Wednesday, January 20, 2010

The Monsters

There are many things I enjoy about writing but by far, creating the monster is my favorite... I use the term Monster loosely, evil is evil anyway you slice it.

There is something fabulous about letting the darkest part of my mind take over unrelentingly, giving the baddie control to show me the most vicious parts of humanity and let go of any good to be purely malicious.

To be cruel without forgiveness is something that many of us know nothing about. But when you strap on the characters persona a whole new life and set of values takes form.

My monsters are nothing more than human. I have yet to dive into the world of creature creating. However, I look forward to the day I make that leap. For now, my evil-doers are in human form. They display a hint of nasty in the start, progressing deeper and darker into the pit where their heart should be as the story spins its sick tale.

I've only dabbled with self-acceptance of my love of all things horror for the last couple of years. And now that I have thrown myself into it so whole-heartily I am finding more and more fascination from how the first bloody seeds started to grow.

Though not writing, Universal Studios published a book of their monsters, from the birth of the very first silent horror film into the 1940's and 50's. They have a list of casts ranging from Lon Chaney, Bela Lugosi, and many many others, including Vincent Price.

The book breaks down the costumes, the sets, who was in what movie, a little spotlight piece on the studios main players, the plots and what the censers would and would not allow (I'll tell you it's nice to know that even back then people tested their boundaries away from the norm as they tried, and most times succeeded, to get things past the rule-makers.)

It's interesting because new questions are now popping up. I have always loved a good movie horror or otherwise, but to see things broken down in such a way, gives me an appreciation for just how far movies, technology and humans have come.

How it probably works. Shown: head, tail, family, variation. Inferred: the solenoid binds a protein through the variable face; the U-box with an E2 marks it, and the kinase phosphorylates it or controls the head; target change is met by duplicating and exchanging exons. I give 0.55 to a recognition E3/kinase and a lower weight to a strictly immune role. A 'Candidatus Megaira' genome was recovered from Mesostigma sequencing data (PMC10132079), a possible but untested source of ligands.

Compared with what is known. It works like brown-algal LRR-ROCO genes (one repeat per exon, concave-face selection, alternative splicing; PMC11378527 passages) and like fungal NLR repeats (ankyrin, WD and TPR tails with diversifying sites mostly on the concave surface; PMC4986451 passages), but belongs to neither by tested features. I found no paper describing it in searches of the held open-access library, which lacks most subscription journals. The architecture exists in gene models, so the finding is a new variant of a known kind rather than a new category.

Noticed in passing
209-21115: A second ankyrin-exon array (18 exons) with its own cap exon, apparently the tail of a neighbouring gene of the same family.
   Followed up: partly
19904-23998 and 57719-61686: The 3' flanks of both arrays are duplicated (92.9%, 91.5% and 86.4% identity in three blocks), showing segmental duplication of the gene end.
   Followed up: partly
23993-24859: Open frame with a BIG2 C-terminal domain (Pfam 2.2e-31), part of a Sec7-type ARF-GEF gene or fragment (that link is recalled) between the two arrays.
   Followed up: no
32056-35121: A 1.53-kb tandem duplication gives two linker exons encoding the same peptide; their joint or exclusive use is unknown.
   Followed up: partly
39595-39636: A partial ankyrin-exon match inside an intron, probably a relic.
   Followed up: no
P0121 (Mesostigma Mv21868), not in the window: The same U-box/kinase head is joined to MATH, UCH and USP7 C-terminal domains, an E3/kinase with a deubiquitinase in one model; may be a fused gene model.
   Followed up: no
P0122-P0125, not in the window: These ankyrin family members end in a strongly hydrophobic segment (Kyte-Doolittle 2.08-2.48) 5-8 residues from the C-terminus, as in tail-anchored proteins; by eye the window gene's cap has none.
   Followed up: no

Plus it makes me hungry to find out more...

Including where the stories come from, I have set myself on sort of a Horror-Quest and I'm going to start researching and reading anything that would promote the birth of the genre I enjoy so much. I can't wait to see where it leads me. I am certain it will make me a better writer and a more well-rounded individual for me to find the roots, folklore and other things that will allow my brain to think in a new and different light.


Benjamin Solah said...

I'm really interested in the origins of monsters too, specifically the social and historical origins of monsters like how zombies came from Haiti, where slave owners used to bury slaves alive to make them compliant.

I like that you dabble with human monsters. They're so much more real.

Anonymous said...

I have seen that book! It is a good one. : )

I'm usually a human monster writer too. But I've been trying to branch out to more "supernatural" ones. Specifically ones based in folklore from various cultures. I've always been fascinated by the oral tradition and how tales of monsters and creatures were perpetuated before they were even written down. And how they've been used throughout the ages to reinforce cultural norms. Have fun with this!

I am in the process of creating a monster for a new WIP now actually. Though, honestly, I usually find out that they exhist somewhere else. Once I start really digging--turns out they aren't really "my" creation : ) But oh well, I can always try to put a new spin on them.

K.Hinny said...

HEY!!! I can comment on my blog now!!!

Thanks for the comments Ben and Soapy!!! It's great to see you both and to be able to comment!!!


Good luck with your WIP Soapy!!

I like humans because they aren't supposed to be monsters. There is no reason for them to be monsters, except for their own cruel mind. Sick and twisted. Yes. We are.